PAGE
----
• Condition monitoring (CM) is a process of monitoring a
parameter of condition in machinery eg . Vibration ,
• In order to identify a significant change which is indicative of
developing a fault .
• Condition monitoring is a process which is used to monitor the
condition of the machine which ultimately reduces the time
required to identify and rectify the fault which further
increases the efficiency of the machine.
• Condition monitoring provides us the real time information
about the condition of the machine which gives us the ability
to minimize or to eliminate the factors responsible for
occurrence of faults .
Vibration condition monitoring
• Machine vibrations, also called chatter, correspond to the relative
movement between the work piece and the cutting tool. The
vibrations result in waves on the machine surface. This affects
typical machining processes, such as turning , milling , drilling,
Accelerometers are transducers for measuring the dynamic
acceleration of a physical device. The most common accelerometer
measures acceleration only along a single axis. This type is often used
to measure mechanical vibration levels. The second type is the triaxial
accelerometer. This accelerometer is used to determine the type of
vibration or the direction of acceleration.
Accelerometers designed to measure vibration are based on the
piezoelectric effect. In a piezoelectric accelerometer, a mass
applies force to a crystal creating a high-impedance charge,
which results in a voltage across the crystal.
Piezoelectric accelerometers require an external amplifier to
amplify the charge easier to use accelerometers recommended
for typical measurements include an integrated amplifier. These
sensors are referred to as integrated electronic piezoelectric
• Oil analysis (OA) is the laboratory analysis of a lubricant's
properties, suspended contaminants, and wear debris. OA is
performed during routine preventive maintenance to provide
meaningful and accurate information on lubricant and
machine condition. By tracking oil analysis sample results over
the life of a particular machine, trends can be established
which can help eliminate costly repairs.
OA can be divided into three categories:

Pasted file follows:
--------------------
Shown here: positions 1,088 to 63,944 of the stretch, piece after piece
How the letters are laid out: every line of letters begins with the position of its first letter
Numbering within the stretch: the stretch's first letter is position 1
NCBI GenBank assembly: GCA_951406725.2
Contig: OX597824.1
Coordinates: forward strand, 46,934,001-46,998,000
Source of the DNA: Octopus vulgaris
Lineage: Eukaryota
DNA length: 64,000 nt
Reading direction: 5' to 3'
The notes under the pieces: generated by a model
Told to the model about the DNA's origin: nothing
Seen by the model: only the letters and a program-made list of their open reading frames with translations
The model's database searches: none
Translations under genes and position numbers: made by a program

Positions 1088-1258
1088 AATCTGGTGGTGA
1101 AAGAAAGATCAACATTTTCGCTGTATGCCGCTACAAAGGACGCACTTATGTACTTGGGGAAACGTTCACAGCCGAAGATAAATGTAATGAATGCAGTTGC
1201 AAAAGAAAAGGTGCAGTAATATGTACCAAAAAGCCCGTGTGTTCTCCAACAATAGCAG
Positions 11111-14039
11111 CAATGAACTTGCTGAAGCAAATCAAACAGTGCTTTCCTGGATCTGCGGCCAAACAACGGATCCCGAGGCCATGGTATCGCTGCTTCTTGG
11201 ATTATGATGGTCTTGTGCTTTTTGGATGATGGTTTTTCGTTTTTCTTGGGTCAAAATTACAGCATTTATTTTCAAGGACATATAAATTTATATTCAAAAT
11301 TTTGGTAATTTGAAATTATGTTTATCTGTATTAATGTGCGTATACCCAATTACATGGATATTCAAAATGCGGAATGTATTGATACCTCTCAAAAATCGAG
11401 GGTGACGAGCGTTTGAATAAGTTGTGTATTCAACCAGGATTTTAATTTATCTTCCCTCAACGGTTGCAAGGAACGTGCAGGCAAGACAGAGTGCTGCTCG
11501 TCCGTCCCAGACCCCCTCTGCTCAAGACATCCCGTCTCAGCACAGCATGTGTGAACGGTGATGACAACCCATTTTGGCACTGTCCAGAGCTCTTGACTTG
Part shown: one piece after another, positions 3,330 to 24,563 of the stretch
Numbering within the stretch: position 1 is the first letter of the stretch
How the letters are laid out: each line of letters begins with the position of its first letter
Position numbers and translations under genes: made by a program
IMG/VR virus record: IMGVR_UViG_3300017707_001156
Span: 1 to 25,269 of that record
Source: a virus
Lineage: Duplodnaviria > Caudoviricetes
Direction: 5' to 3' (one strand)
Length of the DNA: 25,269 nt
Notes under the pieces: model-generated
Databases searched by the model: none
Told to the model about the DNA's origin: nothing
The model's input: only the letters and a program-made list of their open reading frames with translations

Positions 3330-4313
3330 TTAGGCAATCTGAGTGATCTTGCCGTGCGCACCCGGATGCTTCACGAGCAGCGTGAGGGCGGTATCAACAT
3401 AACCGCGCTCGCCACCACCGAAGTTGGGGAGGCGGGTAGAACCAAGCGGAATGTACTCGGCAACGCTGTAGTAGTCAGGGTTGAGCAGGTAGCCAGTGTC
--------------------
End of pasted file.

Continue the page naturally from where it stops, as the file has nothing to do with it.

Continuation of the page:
• analysis of oil properties including those of the base oil and its
• analysis of contaminants,
• analysis of wear debris from machinery,
• Acoustic emission (AE) is the phenomenon of radiation of acoustic
(elastic) waves in solids that occurs when a material undergoes
irreversible changes in its internal structure, for example as a result
of crack formation or plastic deformation due to aging, temperature
gradients or external mechanical forces.
• In particular, AE is occurring during the processes of mechanical
loading of materials and structures accompanied by structural
changes that generate local sources of elastic waves. This results in
small surface displacements of a material produced by elastic
or stress waves generated when the accumulated elastic energy in a
material or on its surface is released rapidly.
• The waves generated by sources of AE are of practical interest in
methods used to capture AE in a controlled fashion, for study and/or
use for inspection of structural integrity, quality control, system
feedback, process monitoring, and others.
How to use AE
• The application of acoustic emission to non-destructive testing of materials,
typically takes place between 100 kHz and 1 MHz Unlike conventional ultrasonic
testing, AE tools are designed for monitoring acoustic emissions produced within
the material during failure or stress.
• To study the formation of cracks during the welding process, as opposed to
locating them after the weld has been formed.
• In a material under active stress, such as some components of an airplane